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E-ink, ePaper, and the DIY Market

e-ink logoE-ink is best known for their ereader screens, but lately they have been making a strong push into other markets. For example, they are now providing screens for a number of DIY and development kits from Freescale, AdaFruit, SEEED, SparkFun, and more.

I happened across a few of the kits in the E-ink booth at SID Display Week, and that inspired me to go look for more. The following post includes a mix of kits with segmented displays and graphic displays. Some of these kits are project-based while others are development kits.

BTW, if you know of a kit not mentioned here, please mention it in a comment.

Update (26 April 2015): a couple new models have come on to the market since I wrote this post.

4.3inch e-PaperWaveshare

This recent (April 2015) addition has a 4.3″ screen and a 6-wire serial port. It’s designed to work with Arduino and other boards.

It costs about $55.


Atmel has partnered with Pervasive Display to produce a kit with 1.44″, 2″, and 2.7″ E-ink screens and a controller board.

The EPD Xplained Pro kit costs $72.

disp_connected_to_pi_250[1]Embedded Artists

First up is an ePaper Kit from Embedded Artists. This kit takes a 2.7″ (264×176) E-ink screen from Pervasive Displays and mounts it on a board that leaves all the pins readily accessible. This kit can work with Raspberry Pi, Arduino, and more.

It’s listed for 29 euros.


1316parts_LRG[1] This DIY instigator sells a trio of kits that use the rePaper project board. Each kit comes with a single screen and a cable that is intended to make it easier to connect this kit to an Arduino or other project boards.

The first kit has a 2″ (200×96) E-ink screen and currently listed at $35 for a single kit.

AdaFruit is also selling a second kit with a 2.7″ (264×176) E-ink screen. This one costs $40.

And if you want a smaller size, you can get a kit with a 1.44″ (128×96) E-ink screen for $33.


2x10-character-e-paper-display-1-large[1]Here is a minimally functional but rather expensive option from Sparkfun. This $25 display, when combined with a $15 breakout board and a CPU board, will offer you the ability to show 2 shows of 10 characters.

That’s not much to work with, but it could be useful for certain limited function projects. And as you can see from this demo video shot in 2011, the display is about 3″ across so it should be quite readable.


500px-45[1]That Sparkfun unit can’t do much, but luckily this next one can. Earlier this year SEEED released a screen unit which is designed to plug into an Arduino board.

They call it a display shield, and it gets the name because it takes up all the ports on the Arduino board. It costs $50 and is built around a 2.1″ E-ink screen with a resolution of 172 by 72.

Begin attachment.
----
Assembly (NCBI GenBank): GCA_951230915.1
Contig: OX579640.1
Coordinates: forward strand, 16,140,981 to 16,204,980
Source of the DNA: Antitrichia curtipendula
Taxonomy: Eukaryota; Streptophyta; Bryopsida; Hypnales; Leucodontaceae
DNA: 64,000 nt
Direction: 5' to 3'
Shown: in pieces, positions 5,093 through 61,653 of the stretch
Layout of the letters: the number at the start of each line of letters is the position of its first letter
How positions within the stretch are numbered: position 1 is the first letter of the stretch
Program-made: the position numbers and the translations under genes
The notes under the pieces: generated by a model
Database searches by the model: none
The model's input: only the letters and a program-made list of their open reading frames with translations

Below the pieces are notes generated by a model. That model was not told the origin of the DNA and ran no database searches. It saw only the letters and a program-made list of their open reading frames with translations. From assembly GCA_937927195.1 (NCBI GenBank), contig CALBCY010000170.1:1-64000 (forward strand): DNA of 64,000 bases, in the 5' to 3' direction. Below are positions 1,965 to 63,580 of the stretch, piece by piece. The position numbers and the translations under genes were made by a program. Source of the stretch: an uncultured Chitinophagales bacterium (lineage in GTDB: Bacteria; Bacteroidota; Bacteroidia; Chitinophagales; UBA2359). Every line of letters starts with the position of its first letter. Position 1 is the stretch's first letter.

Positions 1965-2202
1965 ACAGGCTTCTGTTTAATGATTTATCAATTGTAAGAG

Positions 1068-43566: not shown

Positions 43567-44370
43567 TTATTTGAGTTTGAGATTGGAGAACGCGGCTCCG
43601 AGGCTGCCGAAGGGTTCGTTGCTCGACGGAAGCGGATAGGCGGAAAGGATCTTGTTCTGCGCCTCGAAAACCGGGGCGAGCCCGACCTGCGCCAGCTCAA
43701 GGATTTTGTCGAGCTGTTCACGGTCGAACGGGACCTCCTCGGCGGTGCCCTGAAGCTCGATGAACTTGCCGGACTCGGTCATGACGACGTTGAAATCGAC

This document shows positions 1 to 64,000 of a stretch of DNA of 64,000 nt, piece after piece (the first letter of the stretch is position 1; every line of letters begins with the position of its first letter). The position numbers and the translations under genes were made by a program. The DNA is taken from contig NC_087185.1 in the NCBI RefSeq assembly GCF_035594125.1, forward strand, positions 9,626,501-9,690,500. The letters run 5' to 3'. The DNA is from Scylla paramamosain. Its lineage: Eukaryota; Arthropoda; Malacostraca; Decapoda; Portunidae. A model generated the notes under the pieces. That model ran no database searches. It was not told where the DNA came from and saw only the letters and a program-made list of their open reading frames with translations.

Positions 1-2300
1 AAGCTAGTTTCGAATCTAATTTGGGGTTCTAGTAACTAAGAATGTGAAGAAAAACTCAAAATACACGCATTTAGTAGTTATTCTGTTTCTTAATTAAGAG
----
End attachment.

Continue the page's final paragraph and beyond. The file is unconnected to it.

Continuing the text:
bns-solutions-eink[1]E-ink has been making their own kits for a while now, and you can now buy a basic one via DigiKey.

The one at right costs $70, and it comes with 2 segmented displays. This is a development kit, not a DIY kit, so it is intended to introduce a hardware developer to E-ink’s screen tech. This kit includes a control board and plugs into the USB port of a laptop for easier programming; it doesn’t require any other hardware.

Renesas Electronics

YLPDSKRL78EINK[1]Here’s a kit that I just happened across today. It combines a segmented E-ink display with a control board.

It costs $49, and is available now from Renesas, Fact sheets and other info can be had from DigiKey.


If all the kits I have shown you so far are simply too small for your project, then you might want to go look up Freescale. They have been making E-ink demo kits for a few years now.

I can’t find purchasing info on their website, but I did happen across their latest kit in the E-ink booth at SID Display Week. It had a 6″ E-ink screen and used one of Freescale’s latest CPUs. That is probably more power than needed for most projects but then again I am not a hardware engineer.

And just to be clear, the Freescale kits are intended more for prospective Freescale customers who are interesting in building their own hardware. These aren’t really DIY kits, but I include them here to show one rather extreme option.

As you can see from this video from 2010, Freescale has even boasted about the possibility of a $99 Android device built around an E-ink screen (the kit shows up after the 4 minute mark):

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Do these displays maintain their message with no power ? What range of temperatures can they operate in ?


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